Series III Lightweight

With social media and websites full of off-road driving videos, the off-road driving world has shifted away from blasting through trails blindly in an ill-prepared vehicle, with no idea of what to do or what lies ahead. Welcome the “Overlander”, a different type of adventurer-super prepared, highly trained, and ready for anything thrown at them. No sardines in a can as dinner for these guys—try a five-star meal prepared with the very latest in outdoor cooking gadgetry. These folks would dominate the safari this year.

At the Winter Safari, we focused on trail leadership. Before we began any trail riding, the trail leaders would discuss which trails to use based on the driver’s experience and current conditions. I would assign a lead vehicle, a mid-convoy support vehicle and another to bring up the rear—each with a comprehensive recovery kit on board. Vehicle placement within each convoy would be vital to a successful and timely trip.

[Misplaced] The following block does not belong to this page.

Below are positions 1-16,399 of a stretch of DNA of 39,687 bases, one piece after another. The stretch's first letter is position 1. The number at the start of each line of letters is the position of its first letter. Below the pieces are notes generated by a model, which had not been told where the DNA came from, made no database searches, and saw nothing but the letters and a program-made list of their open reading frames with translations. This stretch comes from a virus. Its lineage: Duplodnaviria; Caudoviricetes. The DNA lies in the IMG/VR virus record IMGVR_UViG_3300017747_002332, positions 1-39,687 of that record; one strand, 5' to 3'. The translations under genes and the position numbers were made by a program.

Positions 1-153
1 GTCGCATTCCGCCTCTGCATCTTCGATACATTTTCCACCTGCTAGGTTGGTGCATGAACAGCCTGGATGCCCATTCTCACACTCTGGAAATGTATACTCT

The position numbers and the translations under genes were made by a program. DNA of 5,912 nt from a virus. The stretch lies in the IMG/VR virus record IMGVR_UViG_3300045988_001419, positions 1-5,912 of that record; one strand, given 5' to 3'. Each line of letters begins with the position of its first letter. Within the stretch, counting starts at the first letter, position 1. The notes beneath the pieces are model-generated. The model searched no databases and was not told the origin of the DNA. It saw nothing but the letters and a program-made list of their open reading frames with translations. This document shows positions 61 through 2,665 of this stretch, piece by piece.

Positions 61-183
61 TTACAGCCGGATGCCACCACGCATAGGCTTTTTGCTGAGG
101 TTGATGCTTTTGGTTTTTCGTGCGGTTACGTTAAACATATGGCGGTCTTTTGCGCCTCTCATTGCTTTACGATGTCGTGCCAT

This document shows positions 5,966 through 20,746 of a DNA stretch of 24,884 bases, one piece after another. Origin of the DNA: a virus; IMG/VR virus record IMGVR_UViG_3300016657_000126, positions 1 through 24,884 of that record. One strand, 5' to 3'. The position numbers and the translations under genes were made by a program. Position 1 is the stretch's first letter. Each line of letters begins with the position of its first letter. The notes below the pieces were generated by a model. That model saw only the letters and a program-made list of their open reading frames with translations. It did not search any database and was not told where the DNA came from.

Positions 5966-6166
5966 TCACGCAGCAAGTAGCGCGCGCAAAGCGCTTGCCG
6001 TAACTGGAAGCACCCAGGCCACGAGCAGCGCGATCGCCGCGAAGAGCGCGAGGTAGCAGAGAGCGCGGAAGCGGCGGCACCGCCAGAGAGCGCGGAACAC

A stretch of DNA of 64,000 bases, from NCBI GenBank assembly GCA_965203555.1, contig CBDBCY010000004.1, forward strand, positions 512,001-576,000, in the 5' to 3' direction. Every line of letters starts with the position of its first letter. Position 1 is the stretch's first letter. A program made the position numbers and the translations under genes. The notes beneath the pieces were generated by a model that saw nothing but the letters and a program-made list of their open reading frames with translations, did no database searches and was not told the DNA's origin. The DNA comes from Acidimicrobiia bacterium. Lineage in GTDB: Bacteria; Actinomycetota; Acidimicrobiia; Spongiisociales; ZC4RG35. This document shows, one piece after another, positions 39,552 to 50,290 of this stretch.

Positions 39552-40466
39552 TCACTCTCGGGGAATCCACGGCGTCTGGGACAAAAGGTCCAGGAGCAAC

We arranged the vehicles in each convoy based on experience level; the drivers with the least amount of experience would be directly behind one of our crew and the more experienced drivers would be placed in key locations throughout as to be able to assist others. Due to the large number of participants, we elected to divide the group into two, avoiding trail congestion. Staggering the departure times also helped reduce clogging on the trails.

After a first night, meet-and-greet pot luck dinner, we held a drivers meeting to discuss safety, convoy rules, trail etiquette and the challenges on a night run. A twenty-vehicle convoy lined up on the dirt road anxious to hit the trail.


Convoy at rest.

We checked communications, aired down tires, and embarked on what would be a four-hour tour on snow-packed trails, strewn with rocks, frozen mud, and deep ruts. Our late night adventure would double as an impromptu lesson on tree removal and trail repairs. Dale Jackson of Clinton, TN, in his 1963 109” Station Wagon, encountered brake line troubles and George Gonsalves-Raleigh, NC, in a Discovery II, suffered a water pump failure.


Fully kitted Discovery II

The radio buzzed frequently with chatter with what must have sounded like a full-blown space mission to outside ears. Then all these transmissions arrived at once:

“Marshall, there is a large tree blocking the trail.”

“Marshall, I’m hearing a loud grinding sound from the front
of my engine.”

“Marshall, I lost all my brakes—hold up!”